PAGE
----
Project Cortex is a knowledge network, not a knowledge management solution. You might be forgiven to think they are the same. The good old knowledge management has been around since the 1990s and was built on a quite structured approach, and while it helped with gaining an understanding of what data was available it did not necessarily connect that data for you.
With Project Cortex, Microsoft is looking at assisting organizations in cutting down on duplicate work by letting you know if the work has already been done or if parts of what has been done can be leveraged for something you are working on. Project Cortex connects projects, products, customers and processes together. It also aims at helping with mining skills by identifying people who might be working on similar projects, all, of course, respecting the permission your company has applied to see and access the data.
A premium feature of Microsoft 365, Project Cortex will launch in the first half of 2020. While some might be quick in fearing for their jobs, as it is often the case, it will be more an opportunity for humans to focus on what they do best, which is bringing context and business expertise into the equation, the most valuable aspect of their contribution. In this context, Project Cortex is an empowerment tool.
Empowerment is the last area of investment I saw clearly rising from several of the products offered within Microsoft 365. Nadella’s mantra has been on empowering every business and every human to do more thanks to technology. In this “tech intensity” moment, we must pay more attention to us humans as we might just be the biggest hurdle not just in adopting technology but also, and maybe more importantly, in seeing the value it brings.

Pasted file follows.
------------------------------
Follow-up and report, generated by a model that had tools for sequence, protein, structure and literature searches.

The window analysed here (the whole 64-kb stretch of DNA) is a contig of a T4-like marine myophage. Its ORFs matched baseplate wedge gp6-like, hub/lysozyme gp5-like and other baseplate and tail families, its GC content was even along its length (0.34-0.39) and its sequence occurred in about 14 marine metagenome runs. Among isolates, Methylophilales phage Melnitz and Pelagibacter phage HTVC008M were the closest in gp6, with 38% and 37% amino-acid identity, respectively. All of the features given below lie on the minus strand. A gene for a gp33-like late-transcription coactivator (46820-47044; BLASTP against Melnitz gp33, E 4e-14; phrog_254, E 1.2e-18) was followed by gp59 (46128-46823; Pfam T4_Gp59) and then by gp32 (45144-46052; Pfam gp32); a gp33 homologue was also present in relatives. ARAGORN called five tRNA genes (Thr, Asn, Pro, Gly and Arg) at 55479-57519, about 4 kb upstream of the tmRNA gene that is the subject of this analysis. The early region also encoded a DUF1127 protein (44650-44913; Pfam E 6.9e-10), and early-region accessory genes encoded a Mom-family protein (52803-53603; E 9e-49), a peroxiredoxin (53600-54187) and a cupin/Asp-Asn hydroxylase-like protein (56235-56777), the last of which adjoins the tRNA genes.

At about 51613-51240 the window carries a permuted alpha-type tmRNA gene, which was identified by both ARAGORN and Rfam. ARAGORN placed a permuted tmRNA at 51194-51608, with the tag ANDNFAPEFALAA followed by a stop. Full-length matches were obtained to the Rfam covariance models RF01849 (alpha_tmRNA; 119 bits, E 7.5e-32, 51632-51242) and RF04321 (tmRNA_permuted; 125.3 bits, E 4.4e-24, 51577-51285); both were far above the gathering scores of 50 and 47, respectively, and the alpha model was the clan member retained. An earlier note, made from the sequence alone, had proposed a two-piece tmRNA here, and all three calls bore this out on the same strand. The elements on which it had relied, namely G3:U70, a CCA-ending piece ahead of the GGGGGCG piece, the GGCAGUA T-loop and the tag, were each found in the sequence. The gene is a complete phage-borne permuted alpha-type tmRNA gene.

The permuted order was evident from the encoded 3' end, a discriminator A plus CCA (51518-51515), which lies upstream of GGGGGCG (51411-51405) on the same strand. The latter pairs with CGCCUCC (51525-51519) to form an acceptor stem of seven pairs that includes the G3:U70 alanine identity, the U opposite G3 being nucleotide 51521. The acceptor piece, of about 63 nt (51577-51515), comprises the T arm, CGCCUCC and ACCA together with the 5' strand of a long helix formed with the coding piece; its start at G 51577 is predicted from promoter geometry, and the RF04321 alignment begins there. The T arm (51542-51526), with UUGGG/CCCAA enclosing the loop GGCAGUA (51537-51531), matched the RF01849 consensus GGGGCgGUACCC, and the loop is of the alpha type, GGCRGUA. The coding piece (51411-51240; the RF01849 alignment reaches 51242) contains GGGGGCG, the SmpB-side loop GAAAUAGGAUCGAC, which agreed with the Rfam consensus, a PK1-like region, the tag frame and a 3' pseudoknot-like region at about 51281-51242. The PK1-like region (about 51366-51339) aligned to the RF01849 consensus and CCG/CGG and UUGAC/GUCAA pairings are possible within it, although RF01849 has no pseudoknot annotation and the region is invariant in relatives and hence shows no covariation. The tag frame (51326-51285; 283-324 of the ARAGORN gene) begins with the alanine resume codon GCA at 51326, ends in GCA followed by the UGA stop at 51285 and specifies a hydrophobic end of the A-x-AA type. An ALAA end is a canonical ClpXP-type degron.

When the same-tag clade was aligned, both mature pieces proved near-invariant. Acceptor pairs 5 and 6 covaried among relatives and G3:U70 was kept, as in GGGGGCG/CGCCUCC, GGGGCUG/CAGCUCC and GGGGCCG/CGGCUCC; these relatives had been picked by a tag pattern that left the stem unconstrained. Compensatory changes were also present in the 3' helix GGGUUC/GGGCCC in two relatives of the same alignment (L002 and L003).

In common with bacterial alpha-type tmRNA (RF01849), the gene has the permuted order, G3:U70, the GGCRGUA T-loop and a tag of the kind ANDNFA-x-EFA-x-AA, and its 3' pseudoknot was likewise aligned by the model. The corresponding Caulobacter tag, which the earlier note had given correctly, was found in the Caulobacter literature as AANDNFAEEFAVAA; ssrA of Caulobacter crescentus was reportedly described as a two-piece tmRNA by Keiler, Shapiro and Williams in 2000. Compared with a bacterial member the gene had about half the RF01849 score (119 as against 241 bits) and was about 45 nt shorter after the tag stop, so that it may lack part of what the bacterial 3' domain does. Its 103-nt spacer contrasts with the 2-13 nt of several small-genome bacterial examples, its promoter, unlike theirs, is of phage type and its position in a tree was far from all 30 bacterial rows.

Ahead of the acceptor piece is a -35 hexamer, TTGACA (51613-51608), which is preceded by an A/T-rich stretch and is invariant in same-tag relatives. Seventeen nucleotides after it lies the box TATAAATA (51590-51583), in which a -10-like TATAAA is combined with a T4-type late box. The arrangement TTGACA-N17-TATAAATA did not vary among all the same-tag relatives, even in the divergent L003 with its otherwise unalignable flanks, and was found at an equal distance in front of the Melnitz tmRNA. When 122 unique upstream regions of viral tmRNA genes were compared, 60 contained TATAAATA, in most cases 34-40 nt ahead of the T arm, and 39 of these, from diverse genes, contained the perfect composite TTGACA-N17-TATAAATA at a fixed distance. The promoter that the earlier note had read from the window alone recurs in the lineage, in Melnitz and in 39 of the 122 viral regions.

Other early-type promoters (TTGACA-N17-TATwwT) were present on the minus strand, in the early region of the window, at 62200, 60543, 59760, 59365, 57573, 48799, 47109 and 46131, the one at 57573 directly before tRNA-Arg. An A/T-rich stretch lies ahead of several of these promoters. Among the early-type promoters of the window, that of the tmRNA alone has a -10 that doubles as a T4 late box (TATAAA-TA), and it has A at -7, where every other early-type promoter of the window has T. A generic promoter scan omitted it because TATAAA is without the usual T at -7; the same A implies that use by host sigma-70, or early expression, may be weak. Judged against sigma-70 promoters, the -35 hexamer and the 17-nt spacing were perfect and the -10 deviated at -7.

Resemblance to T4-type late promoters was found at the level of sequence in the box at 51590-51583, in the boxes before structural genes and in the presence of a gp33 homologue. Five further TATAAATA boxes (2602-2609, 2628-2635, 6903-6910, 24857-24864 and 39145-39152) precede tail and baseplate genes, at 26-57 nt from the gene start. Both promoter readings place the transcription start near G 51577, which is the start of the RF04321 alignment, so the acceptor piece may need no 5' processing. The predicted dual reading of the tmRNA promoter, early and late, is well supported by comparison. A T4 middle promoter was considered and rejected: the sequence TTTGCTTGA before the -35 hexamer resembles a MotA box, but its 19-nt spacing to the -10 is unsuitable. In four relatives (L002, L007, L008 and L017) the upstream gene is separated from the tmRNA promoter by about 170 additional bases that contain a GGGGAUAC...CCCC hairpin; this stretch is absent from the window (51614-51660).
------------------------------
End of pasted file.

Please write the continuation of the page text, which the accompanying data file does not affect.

The empowerment of employees and businesses does not stop with Project Cortex. Microsoft is also focused on helping those organizations to empower people who have the business knowledge to drive some of the work on AI and apps but lack the digital skills to do so. PowerApps, Power BI, Power Platform, and AI Builder and the new Power Virtual Agent all speak to empowering organizations to bring employees’ skills to the digital world. Such an investment might help lower the need to fully retraining staff to code or learn new coding tools. This is not just a significant step to highlight the value these solutions bring by potentially providing cost savings on hiring new people or retraining existing staff, but it addresses what is a clear shortage in business apps developers and data scientists not just in the US but worldwide.
It is when I think about the network of services that Microsoft is building on the Microsoft Graph that I see how the value of Microsoft 365 will deepen the relationship enterprises have with Microsoft in a much more meaningful way than the sum of each individual product like it was in the past. In such a relationship to pinpoint which single product or feature is critical to a business will be much harder, leaving less opportunity for competitors with a more narrow or single purpose-built solution.